NHL Ices Tweets With New Social Media Policy

In an effort to protect its brand from inflammatory tweets, the National Hockey League issued a social media policy on Sept. 14 for all players and club personnel. The new policy enforces a total "blackout period" on the use of social media on game days, which for players begins two hours prior to opening face-off and is not lifted until players have finished their post-game media obligations. The suggested blackout period for hockey operations staff is longer, beginning at 11 a.m. on game days, says the NHL.

Giving employees—in this case, players—ownership in social media and creating content helps build brand ambassadors. And while some may fear that a formal social policy may mitigate the spontaneous and authentic communication fans crave from players through social media, NHL deputy commissioner Bill Daly is not worried.

In an article posted Sept. 15 on NHL.com, Daly said the policy is sensible. "It lets our players and clubs participate substantially in the opportunity of social networking while identifying and mitigating some of the risks," says Daly. "To date, our players and clubs have been exemplary in connecting with fans on social networks, and fans should not expect to see any material difference as a result of this policy."

According to the NHL, the new policy makes it clear that players and club personnel will be held responsible for their social communications in the same manner in which they are held responsible for other forms of public communications. As a result, discipline is possible for any social media statements that have or are designed to have an effect prejudicial to the welfare of the league, the game of hockey or a member club, or are publicly critical of officiating staff.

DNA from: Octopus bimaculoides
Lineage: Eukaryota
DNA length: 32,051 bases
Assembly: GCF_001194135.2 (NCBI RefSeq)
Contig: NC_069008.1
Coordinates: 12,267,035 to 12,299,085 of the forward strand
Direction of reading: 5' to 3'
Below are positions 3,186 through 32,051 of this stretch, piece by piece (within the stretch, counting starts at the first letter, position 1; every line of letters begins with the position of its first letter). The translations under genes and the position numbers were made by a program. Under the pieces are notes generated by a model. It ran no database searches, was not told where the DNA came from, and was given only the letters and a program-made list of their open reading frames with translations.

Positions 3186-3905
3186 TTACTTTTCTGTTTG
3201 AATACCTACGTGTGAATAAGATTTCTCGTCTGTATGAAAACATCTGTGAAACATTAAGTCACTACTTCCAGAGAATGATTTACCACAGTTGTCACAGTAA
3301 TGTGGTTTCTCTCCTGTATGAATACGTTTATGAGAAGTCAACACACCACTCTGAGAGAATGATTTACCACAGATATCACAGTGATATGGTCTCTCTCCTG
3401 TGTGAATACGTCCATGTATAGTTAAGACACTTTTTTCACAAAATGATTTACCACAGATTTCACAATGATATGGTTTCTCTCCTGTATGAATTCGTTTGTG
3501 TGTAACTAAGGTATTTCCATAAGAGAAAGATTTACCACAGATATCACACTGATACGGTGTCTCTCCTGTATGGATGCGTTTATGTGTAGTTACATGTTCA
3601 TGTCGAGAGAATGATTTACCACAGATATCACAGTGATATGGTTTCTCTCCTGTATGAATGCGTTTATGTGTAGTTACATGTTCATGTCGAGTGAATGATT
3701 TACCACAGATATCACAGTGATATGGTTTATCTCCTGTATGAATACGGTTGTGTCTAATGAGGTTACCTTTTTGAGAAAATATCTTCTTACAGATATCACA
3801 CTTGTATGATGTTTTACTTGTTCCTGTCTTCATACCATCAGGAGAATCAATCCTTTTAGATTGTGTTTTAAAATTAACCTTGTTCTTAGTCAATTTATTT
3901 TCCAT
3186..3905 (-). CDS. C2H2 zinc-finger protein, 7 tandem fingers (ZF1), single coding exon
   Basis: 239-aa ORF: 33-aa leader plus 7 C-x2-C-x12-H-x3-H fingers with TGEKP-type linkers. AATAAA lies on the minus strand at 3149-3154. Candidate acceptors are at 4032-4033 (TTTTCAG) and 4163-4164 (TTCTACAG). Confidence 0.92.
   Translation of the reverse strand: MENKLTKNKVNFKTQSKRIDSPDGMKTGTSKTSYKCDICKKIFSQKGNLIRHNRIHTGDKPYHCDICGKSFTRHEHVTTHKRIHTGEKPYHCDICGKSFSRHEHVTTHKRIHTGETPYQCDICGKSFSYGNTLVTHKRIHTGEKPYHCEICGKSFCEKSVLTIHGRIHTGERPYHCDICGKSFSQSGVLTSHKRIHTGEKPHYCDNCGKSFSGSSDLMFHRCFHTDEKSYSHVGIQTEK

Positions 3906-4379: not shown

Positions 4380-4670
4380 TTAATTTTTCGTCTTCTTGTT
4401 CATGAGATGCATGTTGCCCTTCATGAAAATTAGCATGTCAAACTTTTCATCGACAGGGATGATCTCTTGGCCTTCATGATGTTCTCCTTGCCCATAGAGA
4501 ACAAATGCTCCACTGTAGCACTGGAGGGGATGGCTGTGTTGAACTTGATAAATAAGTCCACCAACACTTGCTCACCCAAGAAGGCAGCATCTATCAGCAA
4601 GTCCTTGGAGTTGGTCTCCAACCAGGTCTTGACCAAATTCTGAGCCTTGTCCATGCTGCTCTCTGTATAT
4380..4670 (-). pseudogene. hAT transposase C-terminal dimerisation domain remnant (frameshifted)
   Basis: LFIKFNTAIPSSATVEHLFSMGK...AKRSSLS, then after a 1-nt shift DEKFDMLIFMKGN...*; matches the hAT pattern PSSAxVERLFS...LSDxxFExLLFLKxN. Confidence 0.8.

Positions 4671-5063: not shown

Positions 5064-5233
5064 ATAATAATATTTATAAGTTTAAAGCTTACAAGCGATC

The policy also provided social media tips for the players and club personnel to facilitate the best possible social media dialogue with fans.

Adam Singer, social media practice director for Lewis PR, tells PR News that the new rule likely won’t impact a player's ability to nurture a relationship with fans. “Social media offers a great path for celebrities and entertainers to connect with fans and share insight into their personal lives, which is compelling, but it should not be a distraction from their work as professionals,” Singer says.

In regards to the edict that players and personnel will be held responsible for their social communications in the same manner as for other forms of public communications, Singer says this point should be a cornerstone in all social media policies. “Having accountability for public communications in a way that is platform agnostic (social media, traditional media, etc.) makes sense as the foundation for a communication policy in general,” says Singer. “If you wouldn't say something with all your competitors, your co-workers, your CEO, your future boss and members of the media in the room, don’t say it on the web. Simple.”

Singer says it’s smart for the NHL—and all organizations—to create a formal social policy that invokes a thoughtful method of representing a brand and employer in an intelligent and professional way. “Social media policies might go away in the future and will simply be rolled into more general communications and HR policies," he says. "The tools are still new to some people today, and so as a society we feel like we need to make special rules for them. The day will come when it's no longer seen as special and will simply be incorporated into more general policies.”

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